Families mourned the death of their loved ones while in Mississippi Department of Corrections custody and shared their fears for those who are still alive and enduring squalid conditions in a protest outside the State Capitol in downtown Jackson Friday. Hundreds of affected families joined formerly incarcerated people and activists from throughout Mississippi and beyond to protest inhumane conditions inside Mississippi prisons and jails.
Formerly incarcerated men and women spoke of unsafe drinking water and food in MDOC facilities and rat infestations, and mothers showed pictures of their sick and malnourished sons, who are denied medical attention or not given enough to eat.
"Our brothers are being humiliated, violated, eliminated and exterminated," spoken-word artist and activist Mysonne Linen told the crowd between group chants of "No justice, no peace!" and "Shut it down!"
"Because you are incarcerated does not mean you are not human. No human being is supposed to live like them brothers are living in Parchman. And they damn sure ain't supposed to die like they're dying in Parchman," he said.
At least 11 people have died while in MDOC custody since Dec. 29, 2019. One of those deaths occurred over the weekend. Joshua Norman, 26, was found dead from an apparent suicide by hanging in his cell in unit 29 of Mississippi State Penitentiary at Parchman. Coroner Heather Burton maintains there is no evidence of foul play.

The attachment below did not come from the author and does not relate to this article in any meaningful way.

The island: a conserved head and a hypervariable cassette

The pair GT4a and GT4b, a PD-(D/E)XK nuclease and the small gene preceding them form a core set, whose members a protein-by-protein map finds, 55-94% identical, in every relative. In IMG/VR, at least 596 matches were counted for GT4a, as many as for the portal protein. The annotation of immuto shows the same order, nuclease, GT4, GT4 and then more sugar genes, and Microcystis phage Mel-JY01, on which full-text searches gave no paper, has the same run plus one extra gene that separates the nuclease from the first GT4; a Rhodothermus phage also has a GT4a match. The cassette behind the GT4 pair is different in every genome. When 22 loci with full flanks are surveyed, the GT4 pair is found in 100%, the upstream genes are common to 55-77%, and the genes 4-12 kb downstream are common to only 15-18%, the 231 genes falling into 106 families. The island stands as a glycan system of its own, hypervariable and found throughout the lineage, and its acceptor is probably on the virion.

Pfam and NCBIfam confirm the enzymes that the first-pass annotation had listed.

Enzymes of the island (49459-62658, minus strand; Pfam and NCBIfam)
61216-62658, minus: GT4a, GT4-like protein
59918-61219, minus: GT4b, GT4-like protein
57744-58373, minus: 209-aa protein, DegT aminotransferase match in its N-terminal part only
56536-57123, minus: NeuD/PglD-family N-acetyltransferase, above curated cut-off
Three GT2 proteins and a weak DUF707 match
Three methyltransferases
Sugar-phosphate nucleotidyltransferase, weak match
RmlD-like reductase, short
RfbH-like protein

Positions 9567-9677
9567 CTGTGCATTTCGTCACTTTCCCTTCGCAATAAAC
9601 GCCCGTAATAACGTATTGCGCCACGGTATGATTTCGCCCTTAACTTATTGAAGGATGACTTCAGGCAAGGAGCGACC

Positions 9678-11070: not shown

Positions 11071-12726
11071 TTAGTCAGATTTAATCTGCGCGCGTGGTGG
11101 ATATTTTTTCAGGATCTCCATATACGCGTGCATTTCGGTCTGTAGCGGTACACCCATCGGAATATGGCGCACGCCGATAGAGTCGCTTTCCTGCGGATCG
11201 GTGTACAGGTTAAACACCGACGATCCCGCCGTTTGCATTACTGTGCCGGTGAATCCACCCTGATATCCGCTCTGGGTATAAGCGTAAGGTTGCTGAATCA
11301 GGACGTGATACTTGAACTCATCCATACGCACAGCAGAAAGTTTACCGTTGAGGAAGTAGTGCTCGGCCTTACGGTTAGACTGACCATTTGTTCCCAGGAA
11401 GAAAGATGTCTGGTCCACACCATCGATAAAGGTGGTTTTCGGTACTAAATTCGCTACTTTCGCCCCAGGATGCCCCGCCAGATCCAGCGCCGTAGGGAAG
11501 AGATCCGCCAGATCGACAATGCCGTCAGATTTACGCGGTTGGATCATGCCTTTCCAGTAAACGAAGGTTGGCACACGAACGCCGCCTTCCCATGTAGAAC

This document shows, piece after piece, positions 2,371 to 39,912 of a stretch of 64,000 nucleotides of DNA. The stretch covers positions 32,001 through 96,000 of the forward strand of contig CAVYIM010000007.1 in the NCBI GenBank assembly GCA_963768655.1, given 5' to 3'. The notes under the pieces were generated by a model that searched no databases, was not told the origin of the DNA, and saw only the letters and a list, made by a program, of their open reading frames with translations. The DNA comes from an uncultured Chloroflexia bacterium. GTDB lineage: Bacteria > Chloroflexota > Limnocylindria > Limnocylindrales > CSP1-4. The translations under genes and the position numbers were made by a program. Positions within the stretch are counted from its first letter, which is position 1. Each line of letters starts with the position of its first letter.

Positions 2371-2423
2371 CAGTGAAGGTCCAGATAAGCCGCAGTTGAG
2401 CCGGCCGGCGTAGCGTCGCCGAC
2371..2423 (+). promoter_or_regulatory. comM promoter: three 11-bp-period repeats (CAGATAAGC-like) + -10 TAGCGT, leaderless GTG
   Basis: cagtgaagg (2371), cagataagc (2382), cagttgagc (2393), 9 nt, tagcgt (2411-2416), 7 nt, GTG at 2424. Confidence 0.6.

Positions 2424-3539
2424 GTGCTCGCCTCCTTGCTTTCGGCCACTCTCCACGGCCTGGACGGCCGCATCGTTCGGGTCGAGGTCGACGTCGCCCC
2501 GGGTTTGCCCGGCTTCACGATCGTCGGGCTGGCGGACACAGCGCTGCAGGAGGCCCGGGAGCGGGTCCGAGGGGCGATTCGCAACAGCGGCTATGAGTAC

Team ROC—the philanthropic arm of rappers Jay-Z and Yo Gotti's ROC Nation entertainment label—organized the Jan. 24 Mississippi Prison Reform Rally in collaboration with local and national criminal-justice reform organizations including the Mississippi Prison Reform Coalition, Color of Change, Until Freedom and the Reform Alliance. The protest drew hundreds of people from Jackson and throughout Mississippi and states including Tennessee, Louisiana and New York. Its message spread through the hashtag #MSPrisonReformNow on social-media channels.
Sharon Brown, a lead organizer with the Mississippi Prison Reform Coalition, honored the men who risked their lives to inform their families and the public about conditions inside of MDOC prisons. "I want to thank those brothers, first of all, behind the walls that had the courage to let the world know of the injustices, to let the world know that they are beaten, broken, tired," she said.
"We are here because of them. We are here because we are sick and tired of state-sanctioned murder," she said.
Contraband Cell Phones, Staff Shortages
The protest came one day after Gov. Tate Reeves held a press conference to discuss how his administration would "restore order" to Mississippi's prisons. Implementing tighter protocols to prevent contraband cell phones from entering prisons was among his promises. "They're being used to coordinate gang activity throughout the Mississippi system and even throughout the country," Reeves said about the cellphones on Jan. 23, adding "that was (a) large part of what caused the recent series of killings to escalate as much as it did."